CAE Reading and Use of English Part 7
You are going to read an article about facial expressions. Six paragraphs have been removed from the article. Choose from the paragraphs A – G the one which fits each gap (41-46). There is one extra paragraph which you do not need to use.
Do fleeting changes of facial expression show whether someone is telling lies?
Forty years ago, research psychologist Dr Paul Ekman was addressing a group of young psychiatrists in training when he was asked a question whose answer has kept him busy pretty much ever since. Suppose you are working in a psychiatric hospital like this one and a patient who has previously been aggressive comes to you. ‘I’m feeling much better now,’ the patient says. ‘Can I have a pass out for the weekend?’
It set Ekman thinking. As part of his research, he had already recorded a series of twelve-minute interviews with patients at the hospital. In a subsequent conversation, one of the patients told him that she had lied to him. So Ekman sat and looked at the film. Nothing. He slowed it down and looked again. Slowed it further. And suddenly, there, across just two frames, he saw it: a vivid, intense expression of extreme anguish.
Over the course of the next four decades, Ekman successfully demonstrated a proposition first suggested by Charles Darwin: that the ways in which we express anger, disgust, contempt, fear, surprise, happiness and sadness are both innate and universal.
However, particularly when we are lying, ‘micro expressions’ of powerfully felt emotions will invariably flit across our faces before we get a chance to stop them. Fortunately for liars, as many as ninety-nine percent of people will fail to spot these fleeting signals of inner torment. But given a bit of training, Ekman says, almost anyone can develop the skill.
The psychologist’s techniques, he concedes, can only be a starting point for criminal investigators applying them. ‘All they show is that someone’s lying,’ he says. ‘You have to question very carefully because what you really want to know is why they are lying. No expression of emotion, micro or macro, reveals exactly what is triggering it.’ He gives an example.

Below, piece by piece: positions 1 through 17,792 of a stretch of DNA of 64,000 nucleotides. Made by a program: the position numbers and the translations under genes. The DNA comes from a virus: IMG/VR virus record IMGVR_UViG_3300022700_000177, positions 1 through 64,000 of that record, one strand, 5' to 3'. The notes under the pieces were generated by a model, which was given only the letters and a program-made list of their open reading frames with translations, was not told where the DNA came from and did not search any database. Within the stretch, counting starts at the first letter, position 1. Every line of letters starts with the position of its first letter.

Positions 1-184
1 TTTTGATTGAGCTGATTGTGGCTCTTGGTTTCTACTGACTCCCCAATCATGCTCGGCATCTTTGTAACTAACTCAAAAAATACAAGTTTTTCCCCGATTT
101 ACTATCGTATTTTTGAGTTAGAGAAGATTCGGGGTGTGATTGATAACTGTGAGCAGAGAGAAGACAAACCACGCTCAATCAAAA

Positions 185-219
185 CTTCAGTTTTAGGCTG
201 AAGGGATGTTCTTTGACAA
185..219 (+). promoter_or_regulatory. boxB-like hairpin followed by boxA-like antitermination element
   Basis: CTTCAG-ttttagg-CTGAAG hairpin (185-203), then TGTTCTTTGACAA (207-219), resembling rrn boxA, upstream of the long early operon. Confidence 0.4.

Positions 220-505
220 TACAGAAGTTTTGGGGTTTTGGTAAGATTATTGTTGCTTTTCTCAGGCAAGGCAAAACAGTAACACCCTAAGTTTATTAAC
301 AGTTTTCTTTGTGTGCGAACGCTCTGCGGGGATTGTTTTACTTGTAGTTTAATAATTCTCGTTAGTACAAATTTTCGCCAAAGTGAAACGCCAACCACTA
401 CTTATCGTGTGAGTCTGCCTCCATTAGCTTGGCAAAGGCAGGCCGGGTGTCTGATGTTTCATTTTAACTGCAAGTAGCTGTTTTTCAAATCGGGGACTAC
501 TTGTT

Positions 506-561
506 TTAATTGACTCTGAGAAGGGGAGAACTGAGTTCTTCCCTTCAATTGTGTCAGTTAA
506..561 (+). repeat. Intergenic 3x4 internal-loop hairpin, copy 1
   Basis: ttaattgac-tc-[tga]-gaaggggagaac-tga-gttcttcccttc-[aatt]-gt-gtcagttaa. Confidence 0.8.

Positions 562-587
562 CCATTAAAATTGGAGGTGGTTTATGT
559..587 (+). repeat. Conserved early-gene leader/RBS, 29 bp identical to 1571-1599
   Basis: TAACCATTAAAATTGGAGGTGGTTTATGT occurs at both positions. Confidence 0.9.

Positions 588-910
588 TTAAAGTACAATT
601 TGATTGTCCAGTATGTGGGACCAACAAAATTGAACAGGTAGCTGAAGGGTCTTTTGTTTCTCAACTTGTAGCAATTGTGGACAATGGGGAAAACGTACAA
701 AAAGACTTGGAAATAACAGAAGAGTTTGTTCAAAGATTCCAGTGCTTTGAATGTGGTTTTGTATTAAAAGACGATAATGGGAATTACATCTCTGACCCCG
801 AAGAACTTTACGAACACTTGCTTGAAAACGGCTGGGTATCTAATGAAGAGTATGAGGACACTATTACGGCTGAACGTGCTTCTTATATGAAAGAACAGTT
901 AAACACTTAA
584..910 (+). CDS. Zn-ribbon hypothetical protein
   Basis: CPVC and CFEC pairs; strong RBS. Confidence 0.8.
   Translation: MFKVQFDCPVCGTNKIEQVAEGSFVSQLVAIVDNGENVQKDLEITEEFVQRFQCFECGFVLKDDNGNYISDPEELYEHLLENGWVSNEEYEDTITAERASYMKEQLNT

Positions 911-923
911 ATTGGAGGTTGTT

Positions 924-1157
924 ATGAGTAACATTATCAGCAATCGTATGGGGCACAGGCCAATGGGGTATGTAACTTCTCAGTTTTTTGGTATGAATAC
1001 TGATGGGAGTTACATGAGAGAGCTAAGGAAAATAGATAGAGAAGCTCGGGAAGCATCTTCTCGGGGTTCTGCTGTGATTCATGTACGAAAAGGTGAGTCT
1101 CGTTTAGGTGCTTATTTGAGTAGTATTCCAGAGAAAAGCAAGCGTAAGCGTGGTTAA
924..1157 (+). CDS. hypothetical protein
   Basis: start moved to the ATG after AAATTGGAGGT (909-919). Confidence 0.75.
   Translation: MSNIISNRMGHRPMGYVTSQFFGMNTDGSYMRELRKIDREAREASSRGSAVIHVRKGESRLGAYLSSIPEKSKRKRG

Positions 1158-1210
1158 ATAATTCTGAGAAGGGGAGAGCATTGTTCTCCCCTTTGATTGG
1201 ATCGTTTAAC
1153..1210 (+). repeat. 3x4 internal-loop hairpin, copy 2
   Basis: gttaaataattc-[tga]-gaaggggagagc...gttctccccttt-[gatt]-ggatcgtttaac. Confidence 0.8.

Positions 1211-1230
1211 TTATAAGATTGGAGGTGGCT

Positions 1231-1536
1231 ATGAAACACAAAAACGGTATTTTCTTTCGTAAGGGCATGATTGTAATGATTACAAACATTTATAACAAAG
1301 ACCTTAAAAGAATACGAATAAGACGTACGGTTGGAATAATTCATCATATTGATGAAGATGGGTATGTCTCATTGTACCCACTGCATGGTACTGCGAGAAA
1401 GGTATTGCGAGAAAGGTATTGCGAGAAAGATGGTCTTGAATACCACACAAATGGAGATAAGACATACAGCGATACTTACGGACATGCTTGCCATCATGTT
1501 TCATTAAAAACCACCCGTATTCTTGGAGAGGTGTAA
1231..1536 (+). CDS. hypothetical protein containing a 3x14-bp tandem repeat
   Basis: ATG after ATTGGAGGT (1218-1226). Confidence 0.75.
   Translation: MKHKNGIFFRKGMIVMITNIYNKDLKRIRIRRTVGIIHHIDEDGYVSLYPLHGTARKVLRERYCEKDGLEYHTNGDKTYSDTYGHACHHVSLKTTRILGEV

Plus there are lies and lies. Ekman defines a lie as being a deliberate choice and intent to mislead, and with no notification that this is what is occurring. ‘An actor or a poker player isn’t a liar,’ he says. ‘They’re supposed to be deceiving you – it’s part of the game. I focus on serious lies: where the consequences for the liar are grave if they’re found out.’
Just read micro expressions and subtle expressions correctly, however, and Ekman reckons your accuracy in detecting an attempt at deception will increase dramatically. However, when it comes to spotting really serious lies – those that could, for example, affect national security – he says simply that he ‘does not believe we have solid evidence that anything else works better than chance.’ Is he lying? I couldn’t tell.
But once he had spotted the first one, he soon found three more examples in that same interview. ‘And that,’ says Ekman, ‘was the discovery of microexpressions; very fast, intense
expressions of concealed emotion.’
Ekman, incidentally, professes to be ‘a terrible liar’ and observes that although some people
are plainly more accomplished liars than others, he cannot teach anyone how to lie. ‘The ability to detect a lie and the ability to lie successfully are completely unrelated,’ he says. But how can what he has learned help crime-solving?
But how reliable are Ekman’s methods? ‘Microexpressions,’ he says, ‘are only part of a whole set of possible deception indicators. There are also what we call subtle expressions. A very slight tightening of the lips, for example, is the most reliable sign of anger. You need to study a person’s whole demeanour: gesture, voice, posture, gaze and also, of course, the words themselves.’
You also know, of course, that psychiatric patients routinely make such claims and that
some, if they are granted temporary leave, will cause harm to themselves or others. But this particular patient swears they are telling the truth. They look, and sound, sincere. So here’s the question; is there any way you can be sure they are telling the truth?
Generally, though, the lies that interest Ekman are those in which ‘the threat of loss or punishment to the liar is severe: loss of job, loss of reputation, loss of spouse, loss of freedom’.
Also those where the target would feel properly aggrieved if they knew.
‘Suppose,’ Ekman posits, ‘my wife has been found murdered in our hotel. How would I react when the police questioned me? My demeanour might well be consistent with a concealed emotion. That could be because I was guilty or because I was extremely angry at being a suspect, yet frightened of showing anger because I knew it might make the police think I was guilty.’
The facial muscles triggered by those seven basic emotions are, he has shown, essentially the same, regardless of language and culture, from the US to Japan, Brazil to Papua New Guinea. What is more, expressions of emotion are involuntary; they are almost impossible to suppress or conceal. We can try, of course.